When exposed to moisture in the air. Fast chargers have sensors that determine when the battery is fully charged. Also. 2. they all rely on monitoring either the voltage or the temperature. Introduction to Batteries 21 The excess charge is converted into heat and can damage the battery. As the battery is charged. as lithium is relatively light (being the third element on the periodic table) and is the strongest reducing agent (releasing the most energy during oxidation). thus giving it a high energy to weight ratio. 24]. Figure 2.11: Typical charging profile for Ni-MH and Ni-Cd batteries [22].Chapter 2. Although many different charging algorithms have been proposed [23. The high reactivity also makes lithium a more difficult material to use compared to other battery chemistries. the cell voltage rises until the cell is fully charged. Lithium appeared as a promising means of storing energy. special consideration must be made when storing lithium. Therefore. 2.11) as the energy used to charge the battery is converted into heat.7 Lithium Based Batteries The use of lithium-ions for energy storage was first reported in a paper in 1976 [25]. after which the voltage actually begins to drop and the temperature rises sharply (Fig. the structural integrity of the cell . By detecting either the negative voltage change or the sharp increase in temperature. for commercial batteries using this technology. lithium reacts violently with the water molecules. the chargers are designed to prevent the batteries from being overcharged.

The transitional metal at the cathode is reduced to a lower oxidation state during discharge. as it is isolated and cannot participate in reactions. The first commercialized lithium-ion batteries used lithium cobalt oxide. lithium salts such as LiPF6 and LiBF4 dissolved in organic solvents are used. the lithium is intercalated through a more complex porous structure (Fig. the lithium remains stable. The SEI layer forms during the first few charging cycles of the cell.23V. cause the formation of a Solid Electrolyte Interface (SEI). as well as manganese dioxide and iron phosphate. or any other conceivable combination. with the electron being supplied by lithium. The high cell voltage.Chapter 2. aqueous electrolytes cannot be used since water electrolyses at 1.2V. The SEI forms a solid coating at the anode which is actually beneficial because it creates a protective barrier around the graphite. safety and weight restriction of the application. Introduction to Batteries 22 must be considered to ensure the cell remains sealed when damaged. LiNi1/2 Mn1/1 O2 . When surrounded by carbon this way. in conjunction with the organic electrolyte. As the open cell voltage can vary between 3V up to 4. depending on the electrode materials.2). discharge: xLi(graphite) + Li1−x CoO2 −→ LiCoO2 (2-6) anode: xLi(graphite) −→ xLi+ + xe− cathode: Li1−x CoO2 + xLi+ + xe− −→ LiCoO2 Further research efforts continue to develop new cathode materials containing different transitional metals and structures. the SEI layer is . 2. However. These metals can be mixed together to form such electrodes as LiCo1/3 Ni1/3 Mn1/3 O2 . These are designed by various manufacturers and are tuned for the cell voltage. The half-cell reactions as well as the total reaction is shown in 2-6. Therefore. In the cathode. The anode of a lithium battery typically consists of lithium atoms stored between sheets of carbon graphite through a process knows as intercalation.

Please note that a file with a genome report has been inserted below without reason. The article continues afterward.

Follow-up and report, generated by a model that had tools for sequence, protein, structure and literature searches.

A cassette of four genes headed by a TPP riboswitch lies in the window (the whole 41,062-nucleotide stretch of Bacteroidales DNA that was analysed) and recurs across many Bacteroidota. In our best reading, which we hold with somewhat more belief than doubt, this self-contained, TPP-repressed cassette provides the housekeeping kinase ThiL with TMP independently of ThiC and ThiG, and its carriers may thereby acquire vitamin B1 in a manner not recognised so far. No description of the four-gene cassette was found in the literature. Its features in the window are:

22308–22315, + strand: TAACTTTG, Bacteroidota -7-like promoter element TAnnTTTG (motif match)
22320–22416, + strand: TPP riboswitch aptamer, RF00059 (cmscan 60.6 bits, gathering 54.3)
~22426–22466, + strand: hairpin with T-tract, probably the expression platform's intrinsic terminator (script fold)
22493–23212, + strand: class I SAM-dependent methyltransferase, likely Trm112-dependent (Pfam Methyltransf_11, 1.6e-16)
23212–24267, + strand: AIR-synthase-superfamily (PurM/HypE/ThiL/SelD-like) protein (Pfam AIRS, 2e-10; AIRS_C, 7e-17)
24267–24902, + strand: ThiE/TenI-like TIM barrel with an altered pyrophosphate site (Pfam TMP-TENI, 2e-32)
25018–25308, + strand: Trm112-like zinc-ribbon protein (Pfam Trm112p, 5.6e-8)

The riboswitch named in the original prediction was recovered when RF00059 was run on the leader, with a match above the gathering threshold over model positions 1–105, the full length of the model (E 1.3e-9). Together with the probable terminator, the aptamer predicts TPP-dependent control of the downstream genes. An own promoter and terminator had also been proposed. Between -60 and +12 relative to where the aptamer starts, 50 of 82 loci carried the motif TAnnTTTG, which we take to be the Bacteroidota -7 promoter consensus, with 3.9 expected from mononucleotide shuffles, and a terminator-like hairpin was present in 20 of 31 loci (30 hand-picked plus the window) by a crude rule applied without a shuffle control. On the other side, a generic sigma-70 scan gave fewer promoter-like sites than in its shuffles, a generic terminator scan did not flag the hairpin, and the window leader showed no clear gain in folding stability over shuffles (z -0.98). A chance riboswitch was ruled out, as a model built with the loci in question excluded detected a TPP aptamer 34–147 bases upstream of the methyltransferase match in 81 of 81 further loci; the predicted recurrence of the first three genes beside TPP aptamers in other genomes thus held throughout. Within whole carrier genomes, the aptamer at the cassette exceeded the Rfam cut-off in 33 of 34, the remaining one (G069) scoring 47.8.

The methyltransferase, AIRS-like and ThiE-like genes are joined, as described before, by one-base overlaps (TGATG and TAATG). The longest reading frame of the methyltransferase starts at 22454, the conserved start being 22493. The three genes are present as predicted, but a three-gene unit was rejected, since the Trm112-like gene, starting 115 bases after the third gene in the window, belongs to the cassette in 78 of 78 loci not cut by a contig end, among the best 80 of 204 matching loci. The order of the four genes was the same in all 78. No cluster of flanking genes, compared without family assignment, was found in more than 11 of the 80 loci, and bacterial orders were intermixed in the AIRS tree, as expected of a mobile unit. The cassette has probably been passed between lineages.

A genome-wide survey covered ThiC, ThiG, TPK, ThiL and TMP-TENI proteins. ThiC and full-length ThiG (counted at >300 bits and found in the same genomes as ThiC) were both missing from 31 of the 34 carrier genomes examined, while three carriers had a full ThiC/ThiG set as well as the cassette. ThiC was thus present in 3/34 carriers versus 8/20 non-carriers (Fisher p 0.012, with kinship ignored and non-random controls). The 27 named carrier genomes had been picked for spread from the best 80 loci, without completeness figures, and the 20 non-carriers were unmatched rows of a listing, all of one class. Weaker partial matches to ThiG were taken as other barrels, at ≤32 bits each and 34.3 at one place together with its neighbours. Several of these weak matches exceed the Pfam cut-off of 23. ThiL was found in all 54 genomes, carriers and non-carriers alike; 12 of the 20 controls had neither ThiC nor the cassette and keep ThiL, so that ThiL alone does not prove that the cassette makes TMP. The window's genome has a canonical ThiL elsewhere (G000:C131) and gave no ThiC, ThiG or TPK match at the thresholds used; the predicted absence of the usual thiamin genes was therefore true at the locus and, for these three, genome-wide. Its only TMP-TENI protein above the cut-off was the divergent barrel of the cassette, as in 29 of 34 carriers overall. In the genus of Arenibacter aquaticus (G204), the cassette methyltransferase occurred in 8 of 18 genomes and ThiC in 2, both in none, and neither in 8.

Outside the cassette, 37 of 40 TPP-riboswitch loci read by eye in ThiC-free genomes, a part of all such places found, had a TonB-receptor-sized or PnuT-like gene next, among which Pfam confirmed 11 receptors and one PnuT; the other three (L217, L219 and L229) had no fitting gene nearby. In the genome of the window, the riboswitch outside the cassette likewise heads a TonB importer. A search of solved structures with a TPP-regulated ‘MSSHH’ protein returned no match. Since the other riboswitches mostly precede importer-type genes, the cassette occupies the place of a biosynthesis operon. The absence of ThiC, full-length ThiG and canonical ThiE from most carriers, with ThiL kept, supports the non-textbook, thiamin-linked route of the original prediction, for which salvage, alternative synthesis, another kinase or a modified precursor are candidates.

oxidization of the transitional metal occurs. Since batteries can be made up of multiple cells. speeding up the oxygen . the cathode should not be oxidized to a point where more than half of the cobalt cells are in the 4+ oxidation state. Therefore. For some transitional metals. this process is relatively safe. which adds to the weight and size of the battery. This principle holds for other materials as well.Chapter 2. which is unstable. however. although the value of ’x’ varies depending on the metal type. The availability of excess electrons. for high voltage and high energy storage batteries. Overcharging a cell can cause problems at both the electrodes. cell temperatures increased during overcharging. Introduction to Batteries 23 porous enough to allow lithium ions to pass through while adding only a slight internal resistance. The excess electrons can freely interact with the electrolyte. The biggest issue with lithium-ion batteries are their delicate range of operation. but it degrades rapidly when ’x’ is near 0. At the anode. the cobalt changes from a 3+ oxidization state to 4+. In consumer electronics. in LiCoO2. this is usually done by on-board electronics outside the individual cells but integrated into the overall battery unit. For example.5. as the cell is overcharged. and in particular the oxygen available in the organic electrolyte compounds. According to [26]. When cells are overcharged. oxygen and lithium ions promotes the formation of lithium oxide that coats the electrode surface through a non-reversible reaction reducing the overall capacity of the battery. unwanted growth of the SEI layer occurs which increases the resistance of the cell. this can be a problem. overcharging causes a build up of electrons on the graphite layer with the lithium ions forming a plate over the anode as they are unable to enter the graphite. Care must be taken during charging and discharging to ensure that the battery is not pushed to its limits (especially high currents which can lead to cell heating). the reversibility of Lix CoO2 is generally good. In the experiments carried out in [26]. At the cathode. each cell must have its own monitoring circuit.